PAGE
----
By Galilee Ambellu
Katie Huber is a double Tar Heel, who currently works as a policy analyst at the Duke-Margolis Center for Health Policy. During her undergraduate career, Katie double majored in Interdisciplinary Studies and Anthropology. In an attempt to gain greater exposure to the field of public health, Katie pursued an MPH in Health Behavior shortly after graduation.
Katie’s pre-health journey was reminiscent of many others at UNC. It was the classic case of an eager first-year biology student, falling in love with the health humanities. Whether it is an honors first-year seminar (FYS), a gateway course for the Medicine, Literature, and Culture minor, or an anthropology requirement, there always seems to be an introductory class that dramatically shifts a first-year’s perception of healthcare. For Katie, it was BIOL 62H with Dr. Mark Peifer. For me, it was ENGL 71H with Dr. Kym Weed. And for many others it was either ENGL 57H with Dr. Matthew Taylor or ENGL 268H with Dr. Jane Thraikill.
However, this euphoric experience of studying one’s passions in an interdivisional light is typically accompanied by a period of anxiety. Students are often reminded that their major does not define their career outlooks, yet they still feel pressured to take a conventional approach to their education. They often wonder if majoring in English with a Concentration in Science, Medicine, and Literature, Medical Anthropology, or Interdisciplinary Studies (IDST) would give them an upper hand in the job market. Or if their employers would question the applicability of these degrees. HHIVE alum Katie Huber offers insight on how she was able to overcome the fear of job insecurity.
Over time Katie started to feel less fulfilled by the biology labs and courses that she was enrolled in. Katie had a general interest in STEM but began herself gravitating towards the HHIVE Lab more often than not. As her relationships with her health humanities professors began to strengthen, she knew that it was time to forge a new path in the fields of Anthropology and IDST. After reflecting on her undergraduate experience, Katie now believes that “if you [as a student] are able to do something that you’re really passionate about and heavily involved in, then that is something your employers should hear about.” She encourages students to major in and apply for jobs that cater to their interests, for their employer will be able to tell where their hearts lie during the interview process.
Switching majors symbolized Huber’s commitment to a continual process of unlearning and resocialization. Katie revealed that it took time to unlearn her former linear pre-health mindset. With time and growth, she was able to challenge the popular belief that “quantitative data is more rigorous and significant than qualitative data.” Although quantitative data allows us to highlight the efficacy of treatment plans or outline the prevalence of certain diseases, disorders, and disparities, qualitative information enhances numerical data. It allows us to understand the environmental factors that influence these statistics.
Furthermore, public health is a field centered around disease prevention and health promotion. An effective way to achieve these foundational goals is through direct patient interaction and reflective listening. Qualitative data is an additive resource, for it bridges the gap between numbers and the human experience. Majoring in fields such as English and Anthropology enhances one’s verbal and written communication skills. Demonstrating proficiencies in these literary competencies makes for better health care providers and policy analysts. Katie states that her job requires a great deal of writing and approaching contemporary issues from an intersectional lens. Her involvement in HHIVE has equipped her with the technical skills needed to flourish at her job. This further proves that engaging with qualitative interviews, studying patients’ explanatory models, and exposing oneself to narrative medicine can actually advance one’s career, instead of hindering it.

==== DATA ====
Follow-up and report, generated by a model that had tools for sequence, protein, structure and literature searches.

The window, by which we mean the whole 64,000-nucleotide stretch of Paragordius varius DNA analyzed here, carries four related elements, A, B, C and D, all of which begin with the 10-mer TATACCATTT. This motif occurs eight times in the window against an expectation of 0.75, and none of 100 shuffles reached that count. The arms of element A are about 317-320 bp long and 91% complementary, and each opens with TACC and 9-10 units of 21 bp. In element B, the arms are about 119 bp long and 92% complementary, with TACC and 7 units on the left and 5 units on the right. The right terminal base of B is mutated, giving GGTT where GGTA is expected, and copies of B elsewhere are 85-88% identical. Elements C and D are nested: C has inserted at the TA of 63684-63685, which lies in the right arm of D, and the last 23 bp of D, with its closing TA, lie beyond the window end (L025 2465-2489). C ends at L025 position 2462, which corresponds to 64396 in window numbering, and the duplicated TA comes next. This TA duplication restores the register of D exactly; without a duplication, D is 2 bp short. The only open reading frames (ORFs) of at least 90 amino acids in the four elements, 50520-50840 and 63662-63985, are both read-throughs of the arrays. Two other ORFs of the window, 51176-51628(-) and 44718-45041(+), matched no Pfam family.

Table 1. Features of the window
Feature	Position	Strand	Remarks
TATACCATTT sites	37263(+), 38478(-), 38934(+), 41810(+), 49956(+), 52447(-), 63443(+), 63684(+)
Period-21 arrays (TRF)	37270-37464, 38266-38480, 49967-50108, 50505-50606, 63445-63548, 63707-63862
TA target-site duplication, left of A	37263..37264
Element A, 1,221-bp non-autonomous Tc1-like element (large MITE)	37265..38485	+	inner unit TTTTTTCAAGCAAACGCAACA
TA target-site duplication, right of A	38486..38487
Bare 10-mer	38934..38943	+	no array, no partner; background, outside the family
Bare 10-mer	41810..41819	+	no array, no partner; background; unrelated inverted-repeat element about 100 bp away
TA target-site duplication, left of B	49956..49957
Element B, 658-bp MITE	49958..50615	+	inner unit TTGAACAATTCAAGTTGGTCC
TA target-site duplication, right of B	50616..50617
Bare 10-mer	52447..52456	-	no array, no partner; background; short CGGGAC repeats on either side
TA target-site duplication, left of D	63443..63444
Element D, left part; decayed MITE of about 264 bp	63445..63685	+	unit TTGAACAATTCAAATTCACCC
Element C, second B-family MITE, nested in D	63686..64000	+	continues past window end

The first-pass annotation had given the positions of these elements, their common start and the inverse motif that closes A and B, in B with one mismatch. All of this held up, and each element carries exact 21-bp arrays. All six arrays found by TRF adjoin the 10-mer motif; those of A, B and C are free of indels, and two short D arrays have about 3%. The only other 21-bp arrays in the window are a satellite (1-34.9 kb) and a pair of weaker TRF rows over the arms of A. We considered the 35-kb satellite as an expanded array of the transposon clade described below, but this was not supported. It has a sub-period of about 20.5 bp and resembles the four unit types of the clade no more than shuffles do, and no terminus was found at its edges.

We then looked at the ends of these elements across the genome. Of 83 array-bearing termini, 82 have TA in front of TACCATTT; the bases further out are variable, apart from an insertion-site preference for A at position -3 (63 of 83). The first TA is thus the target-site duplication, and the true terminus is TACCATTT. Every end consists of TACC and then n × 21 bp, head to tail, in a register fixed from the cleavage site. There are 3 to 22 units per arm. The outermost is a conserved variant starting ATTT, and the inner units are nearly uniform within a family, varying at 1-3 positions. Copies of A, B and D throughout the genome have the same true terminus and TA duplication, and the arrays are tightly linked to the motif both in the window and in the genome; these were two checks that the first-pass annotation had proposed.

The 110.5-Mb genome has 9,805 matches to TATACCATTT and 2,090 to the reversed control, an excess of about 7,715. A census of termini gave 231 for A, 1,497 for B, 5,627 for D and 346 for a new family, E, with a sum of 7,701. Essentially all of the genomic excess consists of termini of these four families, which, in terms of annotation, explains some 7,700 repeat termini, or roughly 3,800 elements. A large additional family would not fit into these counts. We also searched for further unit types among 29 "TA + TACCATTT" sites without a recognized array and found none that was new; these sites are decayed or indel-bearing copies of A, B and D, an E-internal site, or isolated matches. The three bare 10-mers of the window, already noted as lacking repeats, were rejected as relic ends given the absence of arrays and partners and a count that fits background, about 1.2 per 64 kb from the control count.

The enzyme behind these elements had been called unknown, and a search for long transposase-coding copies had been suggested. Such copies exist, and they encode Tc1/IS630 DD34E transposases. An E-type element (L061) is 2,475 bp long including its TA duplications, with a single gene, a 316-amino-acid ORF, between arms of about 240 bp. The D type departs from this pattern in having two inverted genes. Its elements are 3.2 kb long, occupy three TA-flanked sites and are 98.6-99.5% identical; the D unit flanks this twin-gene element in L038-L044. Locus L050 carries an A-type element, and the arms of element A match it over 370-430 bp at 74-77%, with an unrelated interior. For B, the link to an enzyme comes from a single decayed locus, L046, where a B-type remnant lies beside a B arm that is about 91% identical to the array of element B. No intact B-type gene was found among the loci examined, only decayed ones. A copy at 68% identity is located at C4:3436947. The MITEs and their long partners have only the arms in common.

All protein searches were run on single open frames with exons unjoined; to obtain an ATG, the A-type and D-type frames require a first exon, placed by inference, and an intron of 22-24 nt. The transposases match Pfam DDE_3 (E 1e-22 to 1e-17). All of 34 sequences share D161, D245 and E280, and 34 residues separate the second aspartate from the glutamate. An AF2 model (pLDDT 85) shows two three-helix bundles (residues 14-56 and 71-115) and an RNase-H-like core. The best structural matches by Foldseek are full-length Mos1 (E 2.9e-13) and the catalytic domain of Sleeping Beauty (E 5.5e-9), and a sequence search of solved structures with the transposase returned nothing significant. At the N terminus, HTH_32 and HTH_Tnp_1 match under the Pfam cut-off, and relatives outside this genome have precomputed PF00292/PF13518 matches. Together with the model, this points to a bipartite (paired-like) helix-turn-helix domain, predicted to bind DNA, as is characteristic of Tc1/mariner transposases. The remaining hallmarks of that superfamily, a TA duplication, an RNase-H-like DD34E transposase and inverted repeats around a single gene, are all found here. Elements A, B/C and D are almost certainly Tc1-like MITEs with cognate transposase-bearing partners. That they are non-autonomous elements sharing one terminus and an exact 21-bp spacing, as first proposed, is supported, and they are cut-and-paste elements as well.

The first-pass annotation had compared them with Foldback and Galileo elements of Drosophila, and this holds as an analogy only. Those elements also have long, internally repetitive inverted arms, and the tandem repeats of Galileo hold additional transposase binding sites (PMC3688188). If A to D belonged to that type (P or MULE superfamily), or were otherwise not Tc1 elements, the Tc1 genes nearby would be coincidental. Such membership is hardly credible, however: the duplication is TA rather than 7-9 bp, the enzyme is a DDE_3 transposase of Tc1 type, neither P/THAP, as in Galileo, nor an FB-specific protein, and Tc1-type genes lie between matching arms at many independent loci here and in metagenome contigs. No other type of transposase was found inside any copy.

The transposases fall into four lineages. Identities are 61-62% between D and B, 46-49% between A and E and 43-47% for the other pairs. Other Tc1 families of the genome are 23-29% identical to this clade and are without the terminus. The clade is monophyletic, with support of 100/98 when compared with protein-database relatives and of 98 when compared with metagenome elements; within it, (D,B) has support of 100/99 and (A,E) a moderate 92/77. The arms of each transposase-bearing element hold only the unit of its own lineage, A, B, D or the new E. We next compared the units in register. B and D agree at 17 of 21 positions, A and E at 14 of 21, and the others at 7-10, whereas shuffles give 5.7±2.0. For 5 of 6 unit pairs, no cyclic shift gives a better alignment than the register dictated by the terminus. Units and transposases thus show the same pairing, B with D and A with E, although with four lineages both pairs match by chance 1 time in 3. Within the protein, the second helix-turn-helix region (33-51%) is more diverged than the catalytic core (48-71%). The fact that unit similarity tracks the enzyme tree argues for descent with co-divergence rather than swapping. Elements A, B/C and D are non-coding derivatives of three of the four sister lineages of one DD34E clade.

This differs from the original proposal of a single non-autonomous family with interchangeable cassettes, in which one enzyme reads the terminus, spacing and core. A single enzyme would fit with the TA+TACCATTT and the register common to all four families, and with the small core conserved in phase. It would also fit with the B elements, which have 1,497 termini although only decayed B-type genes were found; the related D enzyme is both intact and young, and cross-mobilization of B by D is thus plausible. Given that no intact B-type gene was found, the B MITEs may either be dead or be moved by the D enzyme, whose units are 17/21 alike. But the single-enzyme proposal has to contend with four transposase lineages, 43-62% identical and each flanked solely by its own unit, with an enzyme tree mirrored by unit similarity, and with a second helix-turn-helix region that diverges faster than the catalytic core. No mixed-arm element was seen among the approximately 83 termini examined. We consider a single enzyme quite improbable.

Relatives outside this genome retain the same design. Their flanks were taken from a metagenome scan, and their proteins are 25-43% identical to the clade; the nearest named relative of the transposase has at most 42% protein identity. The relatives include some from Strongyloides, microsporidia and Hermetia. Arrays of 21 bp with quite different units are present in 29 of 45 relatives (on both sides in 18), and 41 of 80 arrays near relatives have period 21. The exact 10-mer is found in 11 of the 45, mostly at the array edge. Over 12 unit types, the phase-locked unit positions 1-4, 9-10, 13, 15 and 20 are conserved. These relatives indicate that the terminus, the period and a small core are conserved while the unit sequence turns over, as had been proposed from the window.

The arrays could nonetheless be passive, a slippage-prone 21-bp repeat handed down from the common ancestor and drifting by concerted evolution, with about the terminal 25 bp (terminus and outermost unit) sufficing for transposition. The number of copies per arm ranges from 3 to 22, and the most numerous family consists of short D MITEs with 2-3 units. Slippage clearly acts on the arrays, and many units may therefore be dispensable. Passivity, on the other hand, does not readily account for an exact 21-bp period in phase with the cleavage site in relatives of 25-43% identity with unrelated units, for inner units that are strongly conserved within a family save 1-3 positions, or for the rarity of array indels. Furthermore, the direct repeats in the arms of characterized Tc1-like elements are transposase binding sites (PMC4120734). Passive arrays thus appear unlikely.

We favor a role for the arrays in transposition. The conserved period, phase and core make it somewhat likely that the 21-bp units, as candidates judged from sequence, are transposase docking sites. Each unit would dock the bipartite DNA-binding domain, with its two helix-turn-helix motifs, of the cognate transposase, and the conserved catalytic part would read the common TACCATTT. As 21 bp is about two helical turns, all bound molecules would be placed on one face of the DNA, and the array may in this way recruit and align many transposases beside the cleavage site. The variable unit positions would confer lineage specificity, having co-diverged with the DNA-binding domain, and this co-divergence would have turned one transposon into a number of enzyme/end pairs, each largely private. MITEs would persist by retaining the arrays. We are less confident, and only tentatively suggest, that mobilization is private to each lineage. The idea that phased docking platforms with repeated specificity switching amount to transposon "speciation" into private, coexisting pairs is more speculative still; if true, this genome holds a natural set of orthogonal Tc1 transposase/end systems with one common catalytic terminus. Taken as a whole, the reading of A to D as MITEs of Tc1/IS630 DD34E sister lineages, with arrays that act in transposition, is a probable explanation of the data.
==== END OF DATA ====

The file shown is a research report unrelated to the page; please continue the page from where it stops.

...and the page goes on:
Katie truly embodies the all too familiar pre-health experience at UNC. She majored in Anthropology before Medical Anthropology and Interdisciplinary Studies became popular secondary majors at UNC. Nowadays, students are able to merge their clinical and qualitative interests through double majoring in both the hard sciences and the health humanities. Some have also decided to explore the field of public health, by pursuing a BSPH and/or MPH from UNC’s Gillings School of Global Public Health. The HHIVE lab serves as a creative furnace that refines students’ technical skills while igniting their passion for the health humanities. Katie was one of the first to embark on the honors FYS to HHIVE to Gillings pipeline; a path that is now cherished by many at UNC.
Galilee Ambellu is a rising junior majoring in Health Policy and Management and considering a minor in Medicine, Literature, and Culture. HHIVE has allowed her to merge her love of literature with her passion for health equity and social justice. Galilee’s exposure to the health humanities has allowed her to consider factors, such as the social authority of physicians and patient explanatory models while studying preventative medicine. Her academic interests lie in narrative medicine, ethnographic research, and public health. In the future, Galilee hopes to become a health behavior researcher, where she will be able to collect qualitative data on patients’ perceived severity and susceptibility to illness. She is interested in learning more about how varying environmental contexts influence patients’ views on health. Her ultimate goal is to increase the accessibility and affordability of care while rebuilding patients’ trust in the healthcare system.